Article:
Twenty-seventh Amendment to the United States ConstitutionAmendment XXVII
(the Twenty-seventh Amendment
) of the United States Constitution
No law, varying the compensation for the services of the Senators and Representatives, shall take effect, until an election of Representatives shall have intervened.
Interpretation and history
This amendment provides that any change in the salary of members of Congress
shall take effect only after the next general election. It is intended as a restraint on the power of Congress to set its own salary - an obvious conflict of interest. Since its adoption however, it has not hindered Congress from imposing nearly annual pay raises, characterized as "cost of living adjustments" (COLA's) rather than as pay raises in the traditional sense of the term. The Federal courts have ruled in cases brought under the amendment that a COLA is not the same thing as a pay raise. Hence, members of Congress have been able to receive increases without triggering the restrictions imposed by the amendment.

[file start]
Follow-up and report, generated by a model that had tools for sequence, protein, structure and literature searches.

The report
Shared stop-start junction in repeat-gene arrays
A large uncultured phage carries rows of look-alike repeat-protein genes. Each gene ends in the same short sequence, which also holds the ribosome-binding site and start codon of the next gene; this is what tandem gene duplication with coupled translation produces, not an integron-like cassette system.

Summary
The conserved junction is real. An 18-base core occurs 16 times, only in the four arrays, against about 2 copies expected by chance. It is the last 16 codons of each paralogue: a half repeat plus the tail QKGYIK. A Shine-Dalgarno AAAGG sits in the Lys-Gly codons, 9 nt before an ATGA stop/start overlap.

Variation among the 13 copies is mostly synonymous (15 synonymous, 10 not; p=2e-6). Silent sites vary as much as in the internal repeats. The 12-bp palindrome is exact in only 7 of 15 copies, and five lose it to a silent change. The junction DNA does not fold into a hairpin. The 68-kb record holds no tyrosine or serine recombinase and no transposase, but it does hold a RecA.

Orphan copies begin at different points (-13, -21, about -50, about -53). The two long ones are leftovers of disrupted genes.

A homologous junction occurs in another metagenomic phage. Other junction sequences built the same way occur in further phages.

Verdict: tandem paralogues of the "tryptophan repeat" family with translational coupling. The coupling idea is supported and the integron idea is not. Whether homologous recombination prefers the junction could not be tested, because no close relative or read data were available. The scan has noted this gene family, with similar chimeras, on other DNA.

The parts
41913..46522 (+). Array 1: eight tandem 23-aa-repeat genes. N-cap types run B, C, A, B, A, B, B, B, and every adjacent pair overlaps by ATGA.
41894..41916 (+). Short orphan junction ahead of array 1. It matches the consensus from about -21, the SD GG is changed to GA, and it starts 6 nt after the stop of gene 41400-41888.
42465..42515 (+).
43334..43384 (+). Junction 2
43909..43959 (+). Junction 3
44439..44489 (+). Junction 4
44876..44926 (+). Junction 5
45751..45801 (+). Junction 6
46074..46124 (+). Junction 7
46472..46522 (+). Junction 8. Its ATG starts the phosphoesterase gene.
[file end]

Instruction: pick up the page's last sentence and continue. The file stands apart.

This was one of the twelve originally proposed amendments in 1789, ten of which became the United States Bill of Rights, and the other Unratified Amendment Twelve.
In the period from 1789 to 1791, it was ratified by only six states out of eleven needed. In 1873, Ohio lawmakers saw fit to ratify it. Forgotten for decades, the proposed amendment lay comatose until the 1980s when an employee in the Texas Legislature rediscovered the proposal. The push for ratification began in earnest, and it officially joined the Constitution on May 7, 1992 when Michigan became the 38th state to ratify it.